Transform Don’t Trash NYC, the campaign to clean up New York City’s dirty commercial sanitation industry, is picking up steam. The coalition of environmental justice, worker organizations and community groups (including PWF affiliate ALIGN) has been working for three years to expose problems in the industry and push a transformative vision of change. With City Hall recently taking the first steps toward addressing the issue, real change toward a cleaner, safer waste and recycling system may be just around the corner.
New York City has two parallel sanitation systems and they could not be more different. The City’s Department of Sanitation collects residential waste, while businesses are on their own to find a private waste hauler to remove their trash. The public system is 100% unionized, offering good wages, benefits and safety programs, while the commercial system is rife with non-union companies offering low-pay jobs and skirting safety standards.
Likewise, the city has invested heavily in state-of-the-art trucks and facilities to boost its recycling rate and reduce pollution. Meanwhile, the private sanitation industry which oversees commercial waste in the city by in large does not recycle even basic materials like metal, glass and plastic.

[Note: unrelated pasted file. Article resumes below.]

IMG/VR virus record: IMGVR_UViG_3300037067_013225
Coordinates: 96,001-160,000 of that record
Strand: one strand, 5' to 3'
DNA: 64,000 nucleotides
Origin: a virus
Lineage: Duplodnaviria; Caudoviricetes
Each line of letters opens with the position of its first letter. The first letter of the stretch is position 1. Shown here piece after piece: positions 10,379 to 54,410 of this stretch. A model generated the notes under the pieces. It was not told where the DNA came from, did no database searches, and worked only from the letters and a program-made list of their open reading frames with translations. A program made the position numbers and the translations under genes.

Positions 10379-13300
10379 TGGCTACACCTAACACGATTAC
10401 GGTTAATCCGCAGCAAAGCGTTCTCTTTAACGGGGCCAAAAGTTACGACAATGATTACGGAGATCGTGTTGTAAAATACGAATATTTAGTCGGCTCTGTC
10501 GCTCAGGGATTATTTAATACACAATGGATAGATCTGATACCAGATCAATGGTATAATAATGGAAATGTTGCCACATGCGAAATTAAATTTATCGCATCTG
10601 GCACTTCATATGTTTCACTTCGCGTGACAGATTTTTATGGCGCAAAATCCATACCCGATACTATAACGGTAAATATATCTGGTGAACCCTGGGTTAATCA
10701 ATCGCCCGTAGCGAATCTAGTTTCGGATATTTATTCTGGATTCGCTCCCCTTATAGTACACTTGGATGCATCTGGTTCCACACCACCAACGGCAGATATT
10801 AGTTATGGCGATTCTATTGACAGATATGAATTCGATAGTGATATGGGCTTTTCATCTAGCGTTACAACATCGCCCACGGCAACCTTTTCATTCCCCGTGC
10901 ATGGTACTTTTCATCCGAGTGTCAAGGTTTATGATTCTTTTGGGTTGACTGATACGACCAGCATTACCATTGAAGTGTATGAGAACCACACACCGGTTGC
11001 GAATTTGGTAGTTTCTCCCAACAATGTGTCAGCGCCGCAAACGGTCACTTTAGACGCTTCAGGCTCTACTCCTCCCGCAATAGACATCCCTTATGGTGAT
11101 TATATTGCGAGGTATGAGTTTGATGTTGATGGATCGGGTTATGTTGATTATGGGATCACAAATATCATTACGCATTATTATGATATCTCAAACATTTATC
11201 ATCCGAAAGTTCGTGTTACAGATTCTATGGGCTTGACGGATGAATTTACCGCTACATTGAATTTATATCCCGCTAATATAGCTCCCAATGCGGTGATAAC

On Earth Day 2015, New York City Mayor Bill de Blasio announced New York’s plans to achieve Zero Waste by 2030. To accomplish this goal, the city began studying whether to transform the way commercial waste is collected. Transform Don’t Trash NYC (TDT) proposed comprehensive reform to the broken commercial waste system that would create exclusive zones for waste haulers to limit traffic and pollution and strengthened oversight in expanding recycling and providing safe, good jobs.
Policies like the one proposed by TDT have been enacted elsewhere with great effect. Cities like Seattle and San Jose have commercial recycling rates two to three times higher than New York due to similar policies. Most recently, the City of Los Angeles passed a sweeping reform of its commercial waste policy that will further increase recycling rates. Partnership for Working Families (PWF) affiliate LAANE spearheaded that effort as part of the Don't Waste LA Coalition. PWF, along with key worker organizations and environmental justice allies, is incubating a national movement to slow climate change and create good jobs through waste industry transformation.
As the anticipated release of the city study approaches, support for TDT’s proposal is growing. Last year, the Working Families Party and the Natural Resources Defense Council, bellwethers of progressive and environmental politics, both joined the campaign. In March, two former Sanitation Department officials, including a former commissioner, endorsed the policy as well.
With momentum building in the streets and action budding in City Hall, 2016 will likely be the year that New York City turns the corner to a more just and sustainable commercial sanitation system.